The nature of such a response can be complicated. To be pastoral does not mean dismissing doctrine. It does, however, mean vowing to do no harm. That is the trust others place in us, that we will act responsibly, love fully, embrace vulnerability, and embody compassion. And that’s where having two voices takes on another dimension.
Recently, while I was away taking theology classes for the summer, a fellow student and friend pulled me aside before class. “Did you hear the news?” she asked looking at me wide eyed, “About the teacher in Philadelphia?”
I nodded. I knew the story; the head of the religious education department at an academy run by a group of women religious hadn’t had her contract renewed after a complaint was filed by a parent about her same-sex marriage. The school had cited the upholding of its Catholic identity in its letter to the community, a defense applauded by the bishop and supported by the congregation. My friend spoke vehemently about what she saw as the injustice of it all. How could this happen? What could be done? Why stay in the church? Is there any hope?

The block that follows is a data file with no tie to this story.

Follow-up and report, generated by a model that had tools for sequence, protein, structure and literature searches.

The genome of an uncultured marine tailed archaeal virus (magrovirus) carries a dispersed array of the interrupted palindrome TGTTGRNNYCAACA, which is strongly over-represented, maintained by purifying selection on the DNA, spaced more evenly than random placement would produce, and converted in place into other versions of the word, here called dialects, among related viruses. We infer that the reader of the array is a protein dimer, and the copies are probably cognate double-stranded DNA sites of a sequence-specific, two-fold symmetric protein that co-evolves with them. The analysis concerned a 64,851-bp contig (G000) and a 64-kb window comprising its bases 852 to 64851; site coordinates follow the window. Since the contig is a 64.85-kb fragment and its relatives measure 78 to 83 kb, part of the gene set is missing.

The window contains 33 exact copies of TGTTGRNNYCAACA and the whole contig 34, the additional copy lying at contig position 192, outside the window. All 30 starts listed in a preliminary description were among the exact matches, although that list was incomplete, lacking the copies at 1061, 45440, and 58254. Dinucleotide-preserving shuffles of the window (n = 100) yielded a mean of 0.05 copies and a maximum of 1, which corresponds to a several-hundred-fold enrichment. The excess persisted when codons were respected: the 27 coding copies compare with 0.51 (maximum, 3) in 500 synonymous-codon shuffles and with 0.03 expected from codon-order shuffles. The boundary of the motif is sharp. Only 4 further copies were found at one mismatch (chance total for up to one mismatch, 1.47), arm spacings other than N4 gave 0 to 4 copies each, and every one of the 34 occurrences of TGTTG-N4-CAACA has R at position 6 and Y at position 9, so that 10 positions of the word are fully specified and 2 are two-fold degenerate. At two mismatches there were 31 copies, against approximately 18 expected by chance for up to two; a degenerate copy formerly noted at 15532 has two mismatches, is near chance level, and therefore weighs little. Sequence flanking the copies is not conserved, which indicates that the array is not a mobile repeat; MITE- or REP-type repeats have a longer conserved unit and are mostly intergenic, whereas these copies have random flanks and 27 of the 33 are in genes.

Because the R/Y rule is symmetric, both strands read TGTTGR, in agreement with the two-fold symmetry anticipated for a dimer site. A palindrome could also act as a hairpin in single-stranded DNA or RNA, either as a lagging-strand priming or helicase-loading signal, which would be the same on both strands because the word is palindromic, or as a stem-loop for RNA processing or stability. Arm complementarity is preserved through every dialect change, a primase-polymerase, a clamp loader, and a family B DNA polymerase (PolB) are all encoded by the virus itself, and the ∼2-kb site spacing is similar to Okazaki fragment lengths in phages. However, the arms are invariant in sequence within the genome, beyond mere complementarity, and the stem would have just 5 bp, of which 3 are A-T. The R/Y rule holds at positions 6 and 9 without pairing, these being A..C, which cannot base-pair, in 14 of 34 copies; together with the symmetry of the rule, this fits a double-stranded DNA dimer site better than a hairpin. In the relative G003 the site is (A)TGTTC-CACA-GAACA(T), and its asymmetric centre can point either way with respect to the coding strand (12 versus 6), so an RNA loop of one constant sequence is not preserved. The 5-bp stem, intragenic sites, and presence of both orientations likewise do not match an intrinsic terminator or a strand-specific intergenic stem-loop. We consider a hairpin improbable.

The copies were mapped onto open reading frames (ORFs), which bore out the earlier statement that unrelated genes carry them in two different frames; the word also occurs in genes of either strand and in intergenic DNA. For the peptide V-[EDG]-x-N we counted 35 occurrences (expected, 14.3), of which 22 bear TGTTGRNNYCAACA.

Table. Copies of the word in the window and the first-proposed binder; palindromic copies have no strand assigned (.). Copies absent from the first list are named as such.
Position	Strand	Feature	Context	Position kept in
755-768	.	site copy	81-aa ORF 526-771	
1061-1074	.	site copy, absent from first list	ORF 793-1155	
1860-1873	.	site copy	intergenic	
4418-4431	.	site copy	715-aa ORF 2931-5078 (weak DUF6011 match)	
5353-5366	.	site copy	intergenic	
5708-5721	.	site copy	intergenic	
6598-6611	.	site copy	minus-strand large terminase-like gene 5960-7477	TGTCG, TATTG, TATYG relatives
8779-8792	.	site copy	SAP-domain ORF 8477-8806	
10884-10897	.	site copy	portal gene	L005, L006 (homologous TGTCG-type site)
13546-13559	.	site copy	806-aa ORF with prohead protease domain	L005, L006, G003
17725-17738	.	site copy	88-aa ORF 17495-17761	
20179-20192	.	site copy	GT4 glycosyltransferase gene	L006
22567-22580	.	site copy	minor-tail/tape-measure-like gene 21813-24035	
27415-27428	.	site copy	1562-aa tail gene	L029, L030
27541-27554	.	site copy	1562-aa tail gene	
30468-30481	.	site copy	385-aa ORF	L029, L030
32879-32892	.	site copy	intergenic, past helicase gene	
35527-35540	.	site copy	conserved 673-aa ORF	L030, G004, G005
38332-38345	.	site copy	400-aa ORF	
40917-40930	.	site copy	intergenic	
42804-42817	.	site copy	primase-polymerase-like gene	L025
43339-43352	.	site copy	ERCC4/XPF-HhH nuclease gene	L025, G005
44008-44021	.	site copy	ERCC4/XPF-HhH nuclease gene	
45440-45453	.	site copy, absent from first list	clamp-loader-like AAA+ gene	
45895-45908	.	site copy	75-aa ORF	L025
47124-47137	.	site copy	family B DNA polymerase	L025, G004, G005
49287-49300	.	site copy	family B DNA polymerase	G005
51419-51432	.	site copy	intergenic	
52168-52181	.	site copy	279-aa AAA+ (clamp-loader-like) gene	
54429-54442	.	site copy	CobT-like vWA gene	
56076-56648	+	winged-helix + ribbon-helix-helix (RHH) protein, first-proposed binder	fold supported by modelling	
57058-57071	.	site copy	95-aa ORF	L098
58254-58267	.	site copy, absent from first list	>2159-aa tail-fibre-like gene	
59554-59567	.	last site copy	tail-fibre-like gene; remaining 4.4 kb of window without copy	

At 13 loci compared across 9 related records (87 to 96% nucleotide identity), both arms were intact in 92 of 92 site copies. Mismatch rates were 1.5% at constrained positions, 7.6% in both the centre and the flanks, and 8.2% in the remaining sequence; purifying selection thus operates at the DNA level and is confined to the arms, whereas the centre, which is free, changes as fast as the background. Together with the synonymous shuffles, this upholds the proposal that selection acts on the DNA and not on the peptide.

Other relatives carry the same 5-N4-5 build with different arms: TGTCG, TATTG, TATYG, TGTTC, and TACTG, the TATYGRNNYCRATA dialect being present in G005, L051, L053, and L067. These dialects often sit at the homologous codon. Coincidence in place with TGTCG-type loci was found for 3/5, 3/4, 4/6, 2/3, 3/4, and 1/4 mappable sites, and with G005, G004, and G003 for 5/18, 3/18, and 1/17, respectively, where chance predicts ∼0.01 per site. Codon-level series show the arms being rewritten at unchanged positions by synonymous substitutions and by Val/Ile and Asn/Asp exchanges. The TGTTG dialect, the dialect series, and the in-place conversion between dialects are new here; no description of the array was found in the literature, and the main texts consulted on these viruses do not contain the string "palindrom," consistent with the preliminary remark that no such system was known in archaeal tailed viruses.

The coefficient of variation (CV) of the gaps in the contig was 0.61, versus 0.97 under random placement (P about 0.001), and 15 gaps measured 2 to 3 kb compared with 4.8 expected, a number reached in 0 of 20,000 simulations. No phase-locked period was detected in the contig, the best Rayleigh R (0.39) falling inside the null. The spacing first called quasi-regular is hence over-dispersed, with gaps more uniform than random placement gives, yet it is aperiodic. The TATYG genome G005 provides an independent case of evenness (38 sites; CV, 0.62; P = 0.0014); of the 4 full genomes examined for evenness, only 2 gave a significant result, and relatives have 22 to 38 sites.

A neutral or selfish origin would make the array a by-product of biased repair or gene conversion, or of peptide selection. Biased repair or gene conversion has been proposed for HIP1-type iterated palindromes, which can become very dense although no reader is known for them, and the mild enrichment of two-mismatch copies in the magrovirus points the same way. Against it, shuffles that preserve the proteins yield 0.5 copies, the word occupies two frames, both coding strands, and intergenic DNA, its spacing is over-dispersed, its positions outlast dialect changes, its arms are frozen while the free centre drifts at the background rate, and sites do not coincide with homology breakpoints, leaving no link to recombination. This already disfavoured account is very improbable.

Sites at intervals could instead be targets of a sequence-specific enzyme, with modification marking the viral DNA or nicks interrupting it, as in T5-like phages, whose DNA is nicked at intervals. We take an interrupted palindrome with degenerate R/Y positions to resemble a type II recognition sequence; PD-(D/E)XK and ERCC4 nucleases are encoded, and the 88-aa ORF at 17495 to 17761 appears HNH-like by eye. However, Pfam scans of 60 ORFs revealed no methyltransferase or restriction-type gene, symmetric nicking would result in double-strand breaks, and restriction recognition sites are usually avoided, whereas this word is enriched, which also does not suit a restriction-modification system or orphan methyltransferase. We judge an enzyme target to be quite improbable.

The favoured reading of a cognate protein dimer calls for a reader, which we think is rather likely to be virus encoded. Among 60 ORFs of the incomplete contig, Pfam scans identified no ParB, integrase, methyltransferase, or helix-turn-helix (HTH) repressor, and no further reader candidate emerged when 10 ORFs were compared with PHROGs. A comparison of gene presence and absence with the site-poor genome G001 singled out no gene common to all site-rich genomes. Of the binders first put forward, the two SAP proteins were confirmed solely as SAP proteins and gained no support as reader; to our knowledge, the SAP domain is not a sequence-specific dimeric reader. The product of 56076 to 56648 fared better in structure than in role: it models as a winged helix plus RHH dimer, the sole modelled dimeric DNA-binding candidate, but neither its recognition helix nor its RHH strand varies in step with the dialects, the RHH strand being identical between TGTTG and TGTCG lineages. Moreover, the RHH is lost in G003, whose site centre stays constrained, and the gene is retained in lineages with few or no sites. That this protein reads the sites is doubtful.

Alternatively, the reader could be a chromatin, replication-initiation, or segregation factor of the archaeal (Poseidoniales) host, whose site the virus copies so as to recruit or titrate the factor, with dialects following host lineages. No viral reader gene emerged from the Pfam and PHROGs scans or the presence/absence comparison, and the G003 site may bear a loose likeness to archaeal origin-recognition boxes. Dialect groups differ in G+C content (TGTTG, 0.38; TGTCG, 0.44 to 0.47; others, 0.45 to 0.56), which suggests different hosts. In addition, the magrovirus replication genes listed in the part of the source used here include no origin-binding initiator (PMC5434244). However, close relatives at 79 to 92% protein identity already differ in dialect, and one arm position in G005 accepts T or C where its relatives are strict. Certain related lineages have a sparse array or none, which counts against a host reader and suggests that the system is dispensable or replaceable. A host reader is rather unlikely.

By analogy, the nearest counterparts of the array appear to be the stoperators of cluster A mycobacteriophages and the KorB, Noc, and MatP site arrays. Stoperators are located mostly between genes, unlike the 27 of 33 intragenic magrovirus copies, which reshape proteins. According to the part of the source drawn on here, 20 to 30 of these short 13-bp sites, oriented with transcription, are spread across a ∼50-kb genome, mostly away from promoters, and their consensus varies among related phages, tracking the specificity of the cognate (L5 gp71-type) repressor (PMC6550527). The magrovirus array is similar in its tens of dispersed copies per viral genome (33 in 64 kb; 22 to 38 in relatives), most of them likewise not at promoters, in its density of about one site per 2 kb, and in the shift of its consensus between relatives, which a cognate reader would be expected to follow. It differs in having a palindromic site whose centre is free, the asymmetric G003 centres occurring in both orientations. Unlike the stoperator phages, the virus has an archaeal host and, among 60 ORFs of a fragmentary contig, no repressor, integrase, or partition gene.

She looked deep into my eyes as I listened to the pain and struggle she shared. Suddenly, she took a step back. “I’m sorry,” she said breaking eye contact, shaking her head to loosen her focus. “I know you deal with this all the time . . . it’s your life . . . I just needed to say something to someone.”
I thanked her for trusting me and offered what I could: compassion, hope and understanding.
I could hear my voice speaking – a mix of my own desires for the church, my deep belief in God’s love, and an active attentiveness to and acknowledgement of her feelings. The two voices within me intertwining in response.
“I don’t know what more I can say,” I uttered softly, focusing with empathy on her eyes. This is my life. I thought to myself.
No matter what we say, in whatever voice, speaking with reverence is pivotal. In that moment (like so many other moments), I had the opportunity to give voice to the love of God for all people.
That love knows no bounds.
It is patient; it is kind; it is not rude; it does not seek its own interests. It bears all things, believes all things, hopes all things, endures all things. It is the love of Christ. A love that has embraced us and so we are able to embrace others.